When Applied Holographics were in full swing with that holocopier I remember sitting in the office of the leading light behind that enterprise,Hamish Shearer. We were both eying his nice goldfish in their aquarium when I had an idea.
“Why don’t we make a pulsed portrait of them ?” I asked.
We duly got a large 5 litre glass beaker filled it with water and Hamish carefully caught 2 of the smaller fish and we took it over to a spare ruby pulsed laser unit in a room there.
There was no safelight in that room if I remember rightly but I think we got enough light in to set up the experiment with an AGFA 8E75 plate by leaving the door slightly open. I simply rested the plate ( I think it may have been a rather expensive 10 x 8” ) against the beaker to shoot a simple Denisyuk in a single spread beam pulse of Ruby 694nm.
However for obvious health and safety reasons before we donned our goggles ready to shoot we had to lock the door , and this meant shooting the fish in pitch black darkness. I then put the exposed plate in a box and took it over to the lab to process.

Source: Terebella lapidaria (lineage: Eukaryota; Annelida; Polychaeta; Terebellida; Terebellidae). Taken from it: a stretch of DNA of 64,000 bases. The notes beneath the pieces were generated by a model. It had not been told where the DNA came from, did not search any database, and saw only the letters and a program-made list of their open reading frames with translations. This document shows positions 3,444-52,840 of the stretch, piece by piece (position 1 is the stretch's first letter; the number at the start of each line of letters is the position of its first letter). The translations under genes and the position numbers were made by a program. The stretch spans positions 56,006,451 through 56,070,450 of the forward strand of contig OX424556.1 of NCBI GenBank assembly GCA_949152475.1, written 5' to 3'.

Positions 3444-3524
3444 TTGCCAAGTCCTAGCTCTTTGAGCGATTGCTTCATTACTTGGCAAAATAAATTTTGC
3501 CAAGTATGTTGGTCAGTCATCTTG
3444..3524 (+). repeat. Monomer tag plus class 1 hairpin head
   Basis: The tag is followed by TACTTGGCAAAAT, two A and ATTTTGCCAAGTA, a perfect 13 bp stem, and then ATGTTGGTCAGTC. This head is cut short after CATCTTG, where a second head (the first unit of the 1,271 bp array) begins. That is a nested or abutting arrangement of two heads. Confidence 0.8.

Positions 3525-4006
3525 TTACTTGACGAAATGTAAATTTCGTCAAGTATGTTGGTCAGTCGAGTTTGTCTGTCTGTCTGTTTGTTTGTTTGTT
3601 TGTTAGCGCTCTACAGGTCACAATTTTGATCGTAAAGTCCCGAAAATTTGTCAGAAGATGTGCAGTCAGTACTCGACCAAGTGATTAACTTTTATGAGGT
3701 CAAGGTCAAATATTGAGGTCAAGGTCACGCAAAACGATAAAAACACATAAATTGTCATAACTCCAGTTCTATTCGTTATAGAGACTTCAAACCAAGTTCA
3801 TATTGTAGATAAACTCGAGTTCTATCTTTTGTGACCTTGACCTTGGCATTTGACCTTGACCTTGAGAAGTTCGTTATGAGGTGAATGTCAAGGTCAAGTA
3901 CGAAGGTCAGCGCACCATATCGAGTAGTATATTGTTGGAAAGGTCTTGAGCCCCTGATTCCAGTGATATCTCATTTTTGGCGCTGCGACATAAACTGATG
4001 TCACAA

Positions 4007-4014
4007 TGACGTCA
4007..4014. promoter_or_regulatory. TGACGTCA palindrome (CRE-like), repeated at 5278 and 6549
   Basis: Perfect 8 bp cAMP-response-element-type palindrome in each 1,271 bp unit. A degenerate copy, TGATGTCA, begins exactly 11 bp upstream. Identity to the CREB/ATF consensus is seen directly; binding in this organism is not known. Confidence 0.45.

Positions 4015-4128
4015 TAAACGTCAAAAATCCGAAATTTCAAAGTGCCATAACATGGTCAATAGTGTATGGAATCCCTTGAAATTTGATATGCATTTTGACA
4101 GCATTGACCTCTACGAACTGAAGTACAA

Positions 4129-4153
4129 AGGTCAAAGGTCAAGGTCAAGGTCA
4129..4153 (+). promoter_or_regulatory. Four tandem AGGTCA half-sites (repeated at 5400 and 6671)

Then as we both eagerly watched the finished plate under a spot light as it dried under a hot hairdryer we saw……………..
NOTHING! or almost nothing except for a bit of the brand name PYREX. Not the slightest hint of a fish. We then repeated the operation with another ($50?) plate. The result was again no sign of a fish! I was utterly perplexed….and pretty embarrassed and annoyed, I was there as a supposed expert on making and processing Denisyuks , How could this be happening ? The fish couldn't possibly be moving too fast for a 20ns pulse and in any case they would have made a shadowgram on the piece of white card we put behind the beaker for the second shoot.
Then we did some testing by turning the room lights on and off. The truth then was revealed .. .........
The moment the room went black those clever little bastards dived down and laid flat down on the bottom of the beaker!!
obviously some sort of evolved survival mechanism to protect themselves from powerful alien laser beams presumably.
We did on the third go finally manage to get our pulsed portrait of the fish but unfortunately…. it HAD to include an unedifying view of a Hamish arm as his hand had to rest on the bottom continually tickling the fish to keep them up in the picture frame.